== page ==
Originally Published April 19, 2021
Hope and Iva are doing fantastic. They took their first solo ride on the property last week. The plans for Hope were somewhat loose at first, and I am pleased that instead of me doing the work to bring Hope around to a new way of life, I’ve been able to help Iva learn how to do it herself together with Hope. Iva has been around my horses and observing my particular way of working for years on and off as well as working for and riding at other barns. She has seen a variety of methods and approaches and ridding, and cared for a fair amount of horses in her young life. Now she has the opportunity to dig in and do it herself with a horse that gives her freedom to learn, in an environment that encourages (for lack of a better expression) the Hope Horsemanship way of a relationship firstprocess.
It has also given me the gift of being able to work closely with someone to help them in making the process their own. My goal for Hope Horsemanship is not to train horses but to encourage people who are seeking answers to find them and own the process so they don’t get a trained horse, they get a partnership.
Unfortunately trained horses become “untrained” as soon as the patterns the trainer set into place are undone by a human if they do not understand the foundational work. Many horses are so generous in spirit they are still safe reliable mounts no matter what the human does. They “fill in” gracefully and usually unnoticed. Other horses do not fill in and these become the “problem horses” and are passed along home to home until they find a rider strong willed enough to force them into at least basic compliance, or if they are fortunate someone with the understanding and skill to partner with them. These “problem horses” are often amazing horses waiting for the right connection to bloom. Their brilliance is often waiting to be tapped by understanding of how to take what was seen as a “malfunction” and turn it to something positive. Brilliance can be used for good or evil as we know!
Hope is no problem child. She is looking for a solid leader. However once this is satisfied she is willing to comply and wants to work together. She has a lovely disposition and a kind and humble heart. She is a perfect horse for Iva to learn and grow with.
Wyoming on the other hand is what many might consider a problem child. She is intelligent and communicative, bold and quite friendly. Yet she is not an easy horse to move forward through the normal “school” system. I’ve had her a few years now and she has regularly demonstrated a one step forward two steps sideways pattern that often has me excited at a victory then confused when the slide off the cliff seems to come close on its heels.
I’ve ridden this mare on the trails, around the arena, I’ve gone slower to fill in holes and gaps, I’ve moved faster to not get “stuck in kindergarten”, I’ve introduced lots of new things and I’ve tried sticking with a pattern to bring familiarity. Forward, sideways, backward, forward, the journey has often more questions than answers for me.
Today I’ve been considering in horses and life the contrast of success and failure. I think all would agree that success is more fun hands down. Yet I’ve never learned as much from a success than I have from each failure. Every time I’ve not gotten where I had set out to go, or accomplished the goal I set I’ve learned something about myself, about my horse, about the world, and I have heard more than once that the magic is in failing in the right direction, or as I think of it: Failing Forward.
The other day I took Wyoming out of the field to do some work together. Instead of trying to ride her I decided to mix up something we have foundationally solidified in the past: standing to mount; with something that is still challenging for her: leaving the field to explore new places on the new farm.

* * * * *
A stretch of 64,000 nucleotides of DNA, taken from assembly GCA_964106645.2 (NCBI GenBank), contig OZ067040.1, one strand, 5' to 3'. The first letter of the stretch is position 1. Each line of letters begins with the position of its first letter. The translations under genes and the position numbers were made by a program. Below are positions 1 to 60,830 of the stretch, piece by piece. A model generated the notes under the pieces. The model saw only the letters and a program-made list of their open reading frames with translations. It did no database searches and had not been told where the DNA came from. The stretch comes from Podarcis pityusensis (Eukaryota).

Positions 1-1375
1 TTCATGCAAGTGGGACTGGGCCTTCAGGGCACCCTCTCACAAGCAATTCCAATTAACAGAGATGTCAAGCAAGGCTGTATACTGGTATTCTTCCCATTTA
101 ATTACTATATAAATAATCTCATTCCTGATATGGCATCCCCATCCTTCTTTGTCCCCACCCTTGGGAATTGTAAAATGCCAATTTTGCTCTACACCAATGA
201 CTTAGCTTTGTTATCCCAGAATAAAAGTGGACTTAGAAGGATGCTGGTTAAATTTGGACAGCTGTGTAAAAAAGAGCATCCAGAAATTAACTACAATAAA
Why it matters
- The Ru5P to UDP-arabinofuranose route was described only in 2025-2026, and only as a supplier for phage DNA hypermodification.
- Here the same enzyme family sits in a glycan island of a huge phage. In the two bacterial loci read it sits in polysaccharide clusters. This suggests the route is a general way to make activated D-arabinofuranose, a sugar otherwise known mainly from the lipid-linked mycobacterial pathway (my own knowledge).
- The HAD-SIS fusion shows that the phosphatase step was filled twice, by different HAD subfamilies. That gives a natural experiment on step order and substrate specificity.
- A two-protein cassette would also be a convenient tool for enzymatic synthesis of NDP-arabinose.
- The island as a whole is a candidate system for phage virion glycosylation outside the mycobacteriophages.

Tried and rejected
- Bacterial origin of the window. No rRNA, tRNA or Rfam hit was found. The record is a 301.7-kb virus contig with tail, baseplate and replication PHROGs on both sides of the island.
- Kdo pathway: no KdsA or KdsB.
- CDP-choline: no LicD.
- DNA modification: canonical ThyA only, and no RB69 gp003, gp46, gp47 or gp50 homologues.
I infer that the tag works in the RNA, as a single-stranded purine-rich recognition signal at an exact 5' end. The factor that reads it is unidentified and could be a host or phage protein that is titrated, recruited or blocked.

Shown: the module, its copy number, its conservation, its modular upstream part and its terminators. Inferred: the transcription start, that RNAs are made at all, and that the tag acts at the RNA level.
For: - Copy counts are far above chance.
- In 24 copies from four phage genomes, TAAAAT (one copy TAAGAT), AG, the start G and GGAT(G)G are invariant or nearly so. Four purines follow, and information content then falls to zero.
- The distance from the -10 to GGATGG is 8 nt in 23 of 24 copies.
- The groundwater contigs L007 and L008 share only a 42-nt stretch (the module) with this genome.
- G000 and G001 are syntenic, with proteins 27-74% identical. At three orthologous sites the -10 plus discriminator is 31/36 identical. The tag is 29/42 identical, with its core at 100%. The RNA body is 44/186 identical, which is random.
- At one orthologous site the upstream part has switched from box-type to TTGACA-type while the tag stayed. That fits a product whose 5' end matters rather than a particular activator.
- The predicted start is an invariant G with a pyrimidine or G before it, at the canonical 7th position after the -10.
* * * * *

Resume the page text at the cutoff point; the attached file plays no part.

I took the mounting block challenge idea from February (Mounting Block Challenge Video) and adjusted it to walking through woods, around the main house and fields. What I found to some dismay was the horse who had learned to stand while I got on and off had begun a pattern of walking off as I was dismounting. That was not a good pattern to continue, but depending on where we went even standing still and in place for me to get on began to break down.
This fundamental previously simple thing for us was showing serious cracks. Instead of being upset by this, I was fascinated. How could our foundation at this point be so full of holes. I observed and experimented and began with making the wrong thing much harder. If she did not line up with me and if she moved while I went to put my foot in the stirrup I put her into motion and at one point had her cantering circles in an open area both directions.
This did bring about my intended result eventually because she did not want to have to run so hard, but I knew something was still weak under the surface.
I could make her choose the right answer, but I was acutely aware that she was not buying into the plan. I could sense that under the surface she was… not ok with it. Even as she would stand still and get control of herself, she was not at peace. I had her body doing the right thing, her mind was working, but what I saw was the emotional system was being overridden but not strengthened.
Khaleesi is the horse you will probably hear the least about in these blogs. She is the true beginning of Hope Horsemanship because she is the first horse I started from untouched. Six years later we are working together well and the things I learn from her are more subtle. The road with her was so different from the switchbacks and curves with Wyoming. K does not tend to be a highly emotional horse. It doesn’t take much for me to bring K back to her mental system and if she goes “up” it’s not hard for me to dial her back “down” pretty quickly. She doesn’t lose her head often or for long.
Wyoming has more emotional reactions and once she does it is not easy to dial her back into a mental-thinking state. I have ways to bring her back by asking her things she knows that she can do, I allow her to keep moving through the reaction but ask her to control her feet and where she moves. Yet even so, the disturbance is there still– right under the surface. Panic and anxiety just below the skin.